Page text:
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The retention theory that forms the core of the content of this page is derived from a methodology developed and used by The Educational Funding Company, although its idea has been further developed for the purposes of this resource.
The half-moon theory is based on two key principles. The first of which is that contracts are cyclical rather than linear and the second principle is that of ‘re-recruitment’, which means a highly level of engagement with the client once the contract reaches its midpoint. This means that each contract term does not actually have an ending but simply returns to its start point and the cycle repeats itself.
Retention, and its simple synonym ‘keep’, imply pro-activity rather than reactivity so the theory argues that if a contract has reached the red zone before additional engagement has been achieved then retention actually becomes more reactive and difficult to achieve. A client should be ready to sign a new contract by the end of the 10th month even if it is not actualised until later.
The key to this proactive approach is to increase client engagement from the midpoint of the contract and the following approach should be taken.
Green Zone (Normalised Practice)
When a contract is in the green zone it should be monitored as is best practice but it actually does not require too much maintenance provided that the client is generally satisfied.
Orange Zone (Heightened Engagement)
When a contract is in this zone the client should be encouraged to increase engagement and involvement and more actively communicated with. This then prepares the client for making a renewal which should ideally be presented towards the end of the orange zone (during the second half of Month 10).
Red Zone (Last Chance)
The theory argues that this point should never be reached as it becomes a more reactive process (‘I need the renewal because I will lose the client’ rather than ‘I would like the client to sign up and continue with us’). It is quite late, but can still be redeemed through engagement.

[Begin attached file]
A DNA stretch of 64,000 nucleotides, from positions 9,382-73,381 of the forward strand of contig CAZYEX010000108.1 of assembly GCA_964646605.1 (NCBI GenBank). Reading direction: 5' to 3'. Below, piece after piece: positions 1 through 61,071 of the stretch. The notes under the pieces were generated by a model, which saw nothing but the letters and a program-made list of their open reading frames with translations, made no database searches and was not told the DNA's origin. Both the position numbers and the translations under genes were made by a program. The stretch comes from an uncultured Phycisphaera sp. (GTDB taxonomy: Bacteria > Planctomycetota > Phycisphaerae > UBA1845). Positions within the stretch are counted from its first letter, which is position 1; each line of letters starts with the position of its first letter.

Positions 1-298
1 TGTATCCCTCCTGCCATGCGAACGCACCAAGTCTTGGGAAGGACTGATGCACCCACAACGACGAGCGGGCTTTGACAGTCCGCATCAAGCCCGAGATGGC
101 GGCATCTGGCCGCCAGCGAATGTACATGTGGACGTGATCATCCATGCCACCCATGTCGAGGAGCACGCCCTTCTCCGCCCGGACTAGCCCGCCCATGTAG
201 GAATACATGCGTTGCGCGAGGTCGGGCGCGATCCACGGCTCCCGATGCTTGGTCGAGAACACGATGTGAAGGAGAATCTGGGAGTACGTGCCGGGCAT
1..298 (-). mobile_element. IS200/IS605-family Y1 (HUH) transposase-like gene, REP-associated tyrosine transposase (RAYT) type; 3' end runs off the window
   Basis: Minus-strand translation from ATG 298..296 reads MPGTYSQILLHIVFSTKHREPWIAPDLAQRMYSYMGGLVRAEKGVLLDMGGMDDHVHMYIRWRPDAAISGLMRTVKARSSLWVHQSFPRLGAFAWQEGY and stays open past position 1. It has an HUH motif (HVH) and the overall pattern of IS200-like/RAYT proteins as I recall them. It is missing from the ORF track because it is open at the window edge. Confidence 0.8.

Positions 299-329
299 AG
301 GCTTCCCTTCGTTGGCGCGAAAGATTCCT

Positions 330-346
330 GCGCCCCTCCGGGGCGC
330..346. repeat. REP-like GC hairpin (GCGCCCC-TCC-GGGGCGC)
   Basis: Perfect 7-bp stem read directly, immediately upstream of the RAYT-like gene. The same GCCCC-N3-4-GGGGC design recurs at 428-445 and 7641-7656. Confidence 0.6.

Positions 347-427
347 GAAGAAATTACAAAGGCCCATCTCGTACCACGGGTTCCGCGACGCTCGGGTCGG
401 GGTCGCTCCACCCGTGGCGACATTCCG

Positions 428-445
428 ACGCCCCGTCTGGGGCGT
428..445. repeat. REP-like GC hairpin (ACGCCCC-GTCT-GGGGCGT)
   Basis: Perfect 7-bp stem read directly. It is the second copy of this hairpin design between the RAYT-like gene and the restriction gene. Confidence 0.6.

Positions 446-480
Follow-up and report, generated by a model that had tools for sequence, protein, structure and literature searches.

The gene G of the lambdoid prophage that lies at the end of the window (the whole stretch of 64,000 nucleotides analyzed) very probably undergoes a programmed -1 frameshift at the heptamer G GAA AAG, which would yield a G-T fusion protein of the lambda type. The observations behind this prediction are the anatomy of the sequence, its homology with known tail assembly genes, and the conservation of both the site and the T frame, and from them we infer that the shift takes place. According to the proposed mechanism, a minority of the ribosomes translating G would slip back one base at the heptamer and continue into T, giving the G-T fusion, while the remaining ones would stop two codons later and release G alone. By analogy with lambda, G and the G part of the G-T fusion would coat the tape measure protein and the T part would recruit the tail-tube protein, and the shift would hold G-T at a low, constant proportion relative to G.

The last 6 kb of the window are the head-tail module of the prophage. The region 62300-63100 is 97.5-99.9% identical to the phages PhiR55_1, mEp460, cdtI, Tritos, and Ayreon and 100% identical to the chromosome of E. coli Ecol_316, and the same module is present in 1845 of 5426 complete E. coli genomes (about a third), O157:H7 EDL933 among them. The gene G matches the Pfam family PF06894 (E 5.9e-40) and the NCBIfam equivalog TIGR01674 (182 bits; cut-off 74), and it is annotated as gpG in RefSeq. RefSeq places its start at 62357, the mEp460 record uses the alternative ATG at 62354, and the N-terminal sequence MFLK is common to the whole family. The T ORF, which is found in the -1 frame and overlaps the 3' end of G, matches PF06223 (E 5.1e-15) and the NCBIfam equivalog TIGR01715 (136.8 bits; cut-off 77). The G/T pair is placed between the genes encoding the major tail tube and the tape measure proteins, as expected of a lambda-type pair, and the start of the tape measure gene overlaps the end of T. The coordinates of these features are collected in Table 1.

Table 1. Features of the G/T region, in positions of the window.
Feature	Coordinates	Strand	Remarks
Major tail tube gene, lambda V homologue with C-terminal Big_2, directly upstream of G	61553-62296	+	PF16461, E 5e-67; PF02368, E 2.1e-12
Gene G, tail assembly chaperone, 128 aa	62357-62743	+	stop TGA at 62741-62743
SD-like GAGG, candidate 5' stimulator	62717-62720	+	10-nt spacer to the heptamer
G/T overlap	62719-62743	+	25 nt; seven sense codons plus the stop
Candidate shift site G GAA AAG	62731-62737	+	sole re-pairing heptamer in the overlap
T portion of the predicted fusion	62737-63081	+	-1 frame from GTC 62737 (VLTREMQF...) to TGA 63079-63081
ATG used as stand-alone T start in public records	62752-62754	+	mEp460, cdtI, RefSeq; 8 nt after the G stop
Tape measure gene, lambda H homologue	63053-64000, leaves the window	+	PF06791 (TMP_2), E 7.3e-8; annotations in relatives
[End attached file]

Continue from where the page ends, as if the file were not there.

The earlier the increased engagement begins (after the midpoint) the less likely the client is to connect it to the renewal process and the more effective it can be.
Case Study – Acme Martial Arts Academy
Acme uses the Half Moon Theory and it is implemented in the following way, dependent on which zone its active contracts are in.
During this part of the contract cycle the client is monitored normally. Are payments good and timely? Is the client engaged? Are they attending training sessions? Are they comfortable in the dojo? Are they forming friendships? Are they progressing? If the answer to any or all of these questions is no the client needs greater engagement to address specific issues.
Within the orange zone the client should experience greater engagement so this is more intense than any monitoring process that is carried out during the green zone. Greater engagement at academy can include any or all of the following:
‘We notice you are having difficulties with mastering a specific skill. We would like to offer you a 1-2-1 session to help you improve this.’
‘You are doing really well here, would you like to help the class with warm ups and warm downs.’
‘I think you are almost ready for you next grading (belt promotion), if we work together over the next few weeks I think we can achieve this within the next 6 weeks.’
‘Would you like to show some basic skills to some beginners? We will show you how to do it.’
‘If you are able to sign your renewal early we can hold last year’s price for you.’
Almost certainly too late to attempt any of these methods, but may still work. Teaching on half-moon states that it should never get this far. You may sign many of the renewals during the red zone but the renewals should have been pledged within the orange zone.
© by Richard Horton 2016 (Omega Support Services)